Source: Bloomberg Source: Bloomberg

Year-to-date performance for financial markets has generally gone according to script. Rising equity prices led by value stocks and cyclicals, tighter credit spreads as well as higher Treasury rates and commodities prices are typical in an economic recovery. Similarly, within fixed-income markets, the high-yield and leveraged loan asset classes have outperformed on an absolute and excess return basis, while lower-quality and less duration-sensitive credit within high yield have performed best by a wide margin. In fact, CCC credit led BB credit by about 400 basis points (bps) in the first quarter, and the high beta energy and cyclical transportation sectors have outperformed defensive sectors by similar margins. While the direction of the moves was forecasted correctly by most, the speed of the recovery is the most notable dynamic.

The chart above shows the movement of high-yield spreads during the last few credit cycles, including the 1994, 2011 and 2015 spread-widening periods. In addition to the recessions of 2001 and 2008, the typical trough to peak (widest spreads to tightest spreads) has been about three years. Moreover, the beginning of spread-widening periods, even the one preceding the 2008 global financial crisis, can take a year or so to play out. The pandemic-driven widening event during 2020, by contrast, took place over one month. And the subsequent recovery, while not likely finished yet, has taken about a year. We have moved from the early to the late stage of the credit cycle very quickly. The current state of the market is such: CCCs have compressed to all-time tights, about 75% of the market trades below 5%, the level of distressed credit is de minimis and a very high percentage of the market trades north of par and is thus called constrained. As such, we are largely in a carry world. The good news is that default risk is dramatically reduced, earnings are improving and liquidity is readily available — you will have to work hard to find a credit blow-up in 2021.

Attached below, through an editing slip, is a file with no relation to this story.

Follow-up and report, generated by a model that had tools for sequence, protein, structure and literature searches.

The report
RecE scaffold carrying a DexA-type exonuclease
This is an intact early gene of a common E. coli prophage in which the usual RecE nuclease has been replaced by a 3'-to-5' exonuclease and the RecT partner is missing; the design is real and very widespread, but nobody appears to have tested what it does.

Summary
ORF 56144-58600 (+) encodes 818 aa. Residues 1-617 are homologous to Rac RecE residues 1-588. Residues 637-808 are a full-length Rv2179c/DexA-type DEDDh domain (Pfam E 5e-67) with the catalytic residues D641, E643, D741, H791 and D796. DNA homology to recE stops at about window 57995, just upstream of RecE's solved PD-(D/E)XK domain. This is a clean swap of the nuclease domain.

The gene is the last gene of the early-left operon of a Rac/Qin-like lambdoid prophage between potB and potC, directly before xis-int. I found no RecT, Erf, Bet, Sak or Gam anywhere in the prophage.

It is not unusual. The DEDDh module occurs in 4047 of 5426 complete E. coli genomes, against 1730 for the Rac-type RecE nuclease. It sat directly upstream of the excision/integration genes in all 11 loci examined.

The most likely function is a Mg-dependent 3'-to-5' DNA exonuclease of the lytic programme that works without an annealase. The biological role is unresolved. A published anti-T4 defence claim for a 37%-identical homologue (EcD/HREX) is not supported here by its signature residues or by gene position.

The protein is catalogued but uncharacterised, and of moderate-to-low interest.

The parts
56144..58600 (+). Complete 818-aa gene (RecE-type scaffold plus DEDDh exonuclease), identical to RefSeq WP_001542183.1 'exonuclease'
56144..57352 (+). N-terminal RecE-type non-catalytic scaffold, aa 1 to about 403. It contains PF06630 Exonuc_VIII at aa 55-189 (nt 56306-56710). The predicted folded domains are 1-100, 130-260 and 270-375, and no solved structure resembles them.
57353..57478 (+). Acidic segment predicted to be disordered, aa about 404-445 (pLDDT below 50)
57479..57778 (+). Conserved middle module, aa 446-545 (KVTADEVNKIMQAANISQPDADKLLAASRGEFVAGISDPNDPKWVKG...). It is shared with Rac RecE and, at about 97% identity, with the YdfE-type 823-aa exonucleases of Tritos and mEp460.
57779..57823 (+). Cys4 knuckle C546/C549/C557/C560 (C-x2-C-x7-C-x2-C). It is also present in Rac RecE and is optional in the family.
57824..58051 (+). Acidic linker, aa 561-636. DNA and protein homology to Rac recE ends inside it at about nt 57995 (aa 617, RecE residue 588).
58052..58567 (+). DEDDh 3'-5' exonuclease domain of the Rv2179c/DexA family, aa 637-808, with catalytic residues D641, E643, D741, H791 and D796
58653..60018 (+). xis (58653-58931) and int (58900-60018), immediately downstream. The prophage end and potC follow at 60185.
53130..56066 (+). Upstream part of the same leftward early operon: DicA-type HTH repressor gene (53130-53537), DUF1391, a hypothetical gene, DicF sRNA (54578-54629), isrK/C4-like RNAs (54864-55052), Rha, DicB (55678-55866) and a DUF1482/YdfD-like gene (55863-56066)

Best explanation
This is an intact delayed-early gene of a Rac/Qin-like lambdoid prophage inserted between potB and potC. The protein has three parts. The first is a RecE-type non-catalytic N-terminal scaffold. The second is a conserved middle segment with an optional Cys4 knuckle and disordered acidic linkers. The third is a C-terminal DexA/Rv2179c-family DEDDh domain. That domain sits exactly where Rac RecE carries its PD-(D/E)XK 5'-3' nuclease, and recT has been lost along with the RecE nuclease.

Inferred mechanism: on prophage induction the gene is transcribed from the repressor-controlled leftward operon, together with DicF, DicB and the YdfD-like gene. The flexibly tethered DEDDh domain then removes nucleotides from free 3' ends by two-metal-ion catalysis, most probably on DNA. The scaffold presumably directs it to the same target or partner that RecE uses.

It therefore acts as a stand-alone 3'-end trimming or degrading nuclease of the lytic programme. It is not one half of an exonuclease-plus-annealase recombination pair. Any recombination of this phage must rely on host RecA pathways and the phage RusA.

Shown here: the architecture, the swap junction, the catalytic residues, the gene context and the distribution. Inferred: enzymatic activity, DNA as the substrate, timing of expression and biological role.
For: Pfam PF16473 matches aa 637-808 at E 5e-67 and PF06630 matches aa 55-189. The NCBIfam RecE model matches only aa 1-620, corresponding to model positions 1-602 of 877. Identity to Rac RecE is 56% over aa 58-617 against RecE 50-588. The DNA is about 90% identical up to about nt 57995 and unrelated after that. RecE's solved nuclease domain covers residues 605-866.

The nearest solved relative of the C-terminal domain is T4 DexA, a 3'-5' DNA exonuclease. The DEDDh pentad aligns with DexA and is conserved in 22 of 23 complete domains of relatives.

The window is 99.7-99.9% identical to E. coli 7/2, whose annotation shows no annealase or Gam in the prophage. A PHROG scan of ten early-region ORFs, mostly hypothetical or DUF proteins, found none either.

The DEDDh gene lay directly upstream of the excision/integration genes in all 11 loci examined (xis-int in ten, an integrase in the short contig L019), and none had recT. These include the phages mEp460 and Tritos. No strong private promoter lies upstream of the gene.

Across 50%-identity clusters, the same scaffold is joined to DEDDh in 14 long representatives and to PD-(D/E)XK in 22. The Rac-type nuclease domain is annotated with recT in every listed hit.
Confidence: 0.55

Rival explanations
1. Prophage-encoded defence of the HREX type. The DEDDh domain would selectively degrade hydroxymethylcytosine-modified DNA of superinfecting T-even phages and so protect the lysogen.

Key Takeaway    

Absent a disorderly move higher in interest rates, I think high-yield spreads will remain below 400 bps for a few years, similar to the mid-1990s and mid-20o0s. While valuations aren’t particularly compelling, interest-rate risk appears more pressing than credit risk. Thus, a healthy allocation to lower-quality securities and the energy subsector will continue to be needed to achieve adequate carry. In the current environment, in which dispersion among managers may be increasingly narrow, a tennis analogy comes to mind — hold serve, keep the ball in play and attempt to hit winners when opportunities (volatility) emerge.

Tags: economic recovery | High yield | Interest rates | Credit risk | Credit spreads | Credit cycle | Treasury rates

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This material is for informational use only. The views expressed are those of the author, and do not necessarily reflect the views of Penn Mutual Asset Management.  This material is not intended to be relied upon as a forecast, research or investment advice, and it is not a recommendation, offer or solicitation to buy or sell any securities or to adopt any investment strategy.

Opinions and statements of financial market trends that are based on current market conditions constitute judgment of the author and are subject to change without notice.  The information and opinions contained in this material are derived from sources deemed to be reliable but should not be assumed to be accurate or complete.  Statements that reflect projections or expectations of future financial or economic performance of the markets may be considered forward-looking statements.  Actual results may differ significantly.  Any forecasts contained in this material are based on various estimates and assumptions, and there can be no assurance that such estimates or assumptions will prove accurate.

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High-Yield bonds are subject to greater fluctuations in value and risk of loss of income and principal. Investing in higher yielding, lower rated corporate bonds have a greater risk of price fluctuations and loss of principal and income than U.S. Treasury bonds and bills. Government securities offer a higher degree of safety and are guaranteed as to the timely payment of principal and interest if held to maturity.

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